Steve Anderton inside the Goins Administration Building

Illness, divorce and even homelessness could not deter Steve Anderton from finishing his associate degree at Pellissippi State.

In the two years Steve Anderton has been a student at Pellissippi State, he’s had six different addresses, gotten married and divorced, experienced homelessness and suffered two major illnesses. But through it all, Steve’s professors kept telling him not to give up. 

“All the way through, the most common message I heard from the school was ‘just don’t quit’ — keep trying, do what you can and just don’t walk away,” shares Steve. “If it wasn’t for those people who were in my corner cheering for me, I probably would have walked away a year ago.” 

Steve was born and raised in Australia and moved to the States with his father after high school. After working in retail for years, he was happy working at a small, mom-and-pop computer store. Everything was going great until the store was held up in an armed robbery and Steve realized he didn’t want to work in retail anymore. His girlfriend encouraged him to apply to Pellissippi State, where they ended up taking classes together for a semester before she graduated.  

Steve and his girlfriend got married and moved into student housing at the four-year university where she had transferred. Unfortunately, the marriage didn’t work out, and Steve’s wife asked him to leave their apartment the week of finals.   

“It’s been an interesting journey. If you’ve ever been through a divorce or relocation, your life kind of blows apart,” shares Steve. “I had really bought into the dream of being a full-time student, and then I had nothing. So here I was — unemployed, homeless and struggling.”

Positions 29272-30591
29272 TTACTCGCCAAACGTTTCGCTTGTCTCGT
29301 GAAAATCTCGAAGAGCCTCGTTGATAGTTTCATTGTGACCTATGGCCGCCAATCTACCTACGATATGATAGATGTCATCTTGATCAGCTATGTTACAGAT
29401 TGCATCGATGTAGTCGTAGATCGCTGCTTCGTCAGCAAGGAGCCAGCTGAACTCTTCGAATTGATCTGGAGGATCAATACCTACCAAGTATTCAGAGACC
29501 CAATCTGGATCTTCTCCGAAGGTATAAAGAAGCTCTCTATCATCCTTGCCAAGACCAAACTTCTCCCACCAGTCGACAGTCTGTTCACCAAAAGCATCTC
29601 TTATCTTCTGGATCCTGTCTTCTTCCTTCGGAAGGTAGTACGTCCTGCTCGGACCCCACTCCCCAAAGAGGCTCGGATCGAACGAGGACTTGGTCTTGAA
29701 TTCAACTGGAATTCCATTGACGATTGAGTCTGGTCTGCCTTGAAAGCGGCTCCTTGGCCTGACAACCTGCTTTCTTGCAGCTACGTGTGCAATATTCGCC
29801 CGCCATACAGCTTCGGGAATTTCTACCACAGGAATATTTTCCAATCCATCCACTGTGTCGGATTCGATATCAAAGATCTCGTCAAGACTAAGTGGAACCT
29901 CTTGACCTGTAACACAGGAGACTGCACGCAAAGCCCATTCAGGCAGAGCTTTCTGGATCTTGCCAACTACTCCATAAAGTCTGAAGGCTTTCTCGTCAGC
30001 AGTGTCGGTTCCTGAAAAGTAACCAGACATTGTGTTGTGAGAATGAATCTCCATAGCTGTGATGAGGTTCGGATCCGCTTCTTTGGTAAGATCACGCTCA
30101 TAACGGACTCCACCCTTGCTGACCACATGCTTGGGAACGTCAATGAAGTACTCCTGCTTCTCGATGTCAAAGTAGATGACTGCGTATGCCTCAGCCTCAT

Steve emailed his professors to explain he was homeless and jobless and unable to finish his finals. All were encouraging and did what they could to help him finish with good grades.  

“They all asked me what do you need, what do you have, what can I do?” he says. “One of my professors encouraged me to find some way to take my finals and my response was, ‘I wish I could!’ I have greater things to worry about right now, like it’s cold outside and I don’t want to sleep in my truck and where’s my next meal coming from. You know, Maslow’s hierarchy of needs – I’m far from self-actualization at this point!” 

Everyone Steve knew at Pellissippi State reached out and told him not to quit. He found support and help in many places, including Student Care and Advocacy, Counseling Services and TRiO. 

“The Student Care and Advocacy office really helped carry me through,” Steve says. “They came up with some money to help me pay my rent, gave me Food City cards so I could eat. They really put a lot out there to help me through the really, really tough times.” 

Steve also began going to counseling every week with Pellissippi State’s Counseling Services.  

“They were extremely helpful,” he shares. “It was great to be able to sit down and talk with someone, and they pointed me in the direction to get more assistance.” 

And Steve found support and encouragement in TRiO, which offers one-on-one support for students who are first-generation, low income or who have a disability.  

“TRiO has always been there for me,” he says. “They’ll even text and check up on me if I haven’t showed up in the office for a couple weeks.”   

Despite monumental challenges, Steve never gave up and will be graduating from Pellissippi State this May with his Associate of Science degree. He plans to go back to Australia after he graduates to be with his mother and hopes to continue his education at a university in Sydney.  

“There’s so much help here,” he says. “There are people waiting to help you right this very moment in any way they can. When you’re thinking you’re helpless and hopeless and not good enough, there’s someone at this school waiting to tell you that you are good enough, that there is hope, that there is reason to continue – and they’re going to show you how to do it. You just have to ask for that help.”  

With the help of his professors and student services at Pellissippi State, Steve overcame extreme obstacles and found the support he needed to finish strong. 

“I didn’t overcome all these things because I’m any kind of miracle worker or anything special,” says Steve. “I overcame it because of all the help this school gave me.” 

###